By the 26th, Georgiana was seizing for eight hours. The doctors shaved off all her lovely hair and put blister plasters on her skin which did nothing but cause her more pain. Amanda Foreman writes that,
"By the twenty-seventh everyone in Devonshire House knew that Georgiana was dying. The family, friends, and servants waited for the end to come. The crowd outside the gates grew in size."Harriet watched as her sister struggled to speak and constantly seized for days, feeling as though she was dying with her. At 3:30 in the morning of 30 March Georgiana died surround by some of the most important people in her life, her husband, mother, sister, Bess, and Little G.
The loss of Georgiana shook everyone. The crowds continued to visit Devonshire House to pay their respects, but those closest to Georgiana were the most effected. Charles Fox sat by himself at his former canvasser's home with big, fat tears rolling down his cheeks. Little G wrote that she wished she could strew violets over her dying bed as Georgiana had strewn sweets over her life. The Prince of Wales was in a state of shock, almost not believing that she was gone. Lady Spencer had to deal with watching her favourite child die. Bess was devastated as well and also concerned that her friends' death meant that she had no valid reason to be living with the Cavendishes. She and Harriet bonded to each other in a means of support for the devastating loss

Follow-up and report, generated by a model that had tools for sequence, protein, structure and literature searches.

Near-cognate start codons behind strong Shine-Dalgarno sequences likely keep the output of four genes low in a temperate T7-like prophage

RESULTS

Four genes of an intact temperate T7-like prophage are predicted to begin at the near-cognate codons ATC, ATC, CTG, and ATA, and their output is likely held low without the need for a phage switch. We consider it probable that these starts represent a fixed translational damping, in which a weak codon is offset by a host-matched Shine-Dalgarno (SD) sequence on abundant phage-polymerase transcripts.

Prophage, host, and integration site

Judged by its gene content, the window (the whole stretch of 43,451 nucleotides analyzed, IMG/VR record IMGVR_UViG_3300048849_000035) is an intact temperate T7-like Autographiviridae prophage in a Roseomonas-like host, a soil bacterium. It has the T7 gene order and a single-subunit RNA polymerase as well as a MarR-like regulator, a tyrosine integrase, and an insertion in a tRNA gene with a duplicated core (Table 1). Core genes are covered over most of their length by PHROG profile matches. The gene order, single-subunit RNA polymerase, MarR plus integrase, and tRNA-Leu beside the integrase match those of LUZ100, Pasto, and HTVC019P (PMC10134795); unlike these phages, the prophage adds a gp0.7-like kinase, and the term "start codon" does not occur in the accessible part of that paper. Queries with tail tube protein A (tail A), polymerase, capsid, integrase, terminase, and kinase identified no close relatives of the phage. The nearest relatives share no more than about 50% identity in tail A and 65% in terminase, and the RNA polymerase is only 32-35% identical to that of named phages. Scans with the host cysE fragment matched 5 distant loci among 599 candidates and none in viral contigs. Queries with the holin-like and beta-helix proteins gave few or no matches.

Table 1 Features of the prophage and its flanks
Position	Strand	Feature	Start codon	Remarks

But perhaps the most affected person may be the most shocking. The Duke of Devonshire was inconsolable. In the final years of Georgiana's life the two had finally become close, and dare I say, even loving. Of course they would have their typical married-people bickering but it was if the calmer, more matronly Georgiana was the wife that Canis had always wanted. Her loss was a blow that the Duke, with his famous countenance, never really recovered from and put him in a sort of numb state until his own death. Guilt as well as the realization that Georgiana would not be holding his hand on his deathbed ate away at him. He locked himself in his room and then one night snapped. Bess stayed up all night with him and described the Duke as "hysterical." He never truly recovered from the blow.
"A woman more exalted in every accomplishment of rapturous beauty, of elevated genius, and of angelic temper, has not adorned the present age..."
The Morning Chronicle, 31 March 1806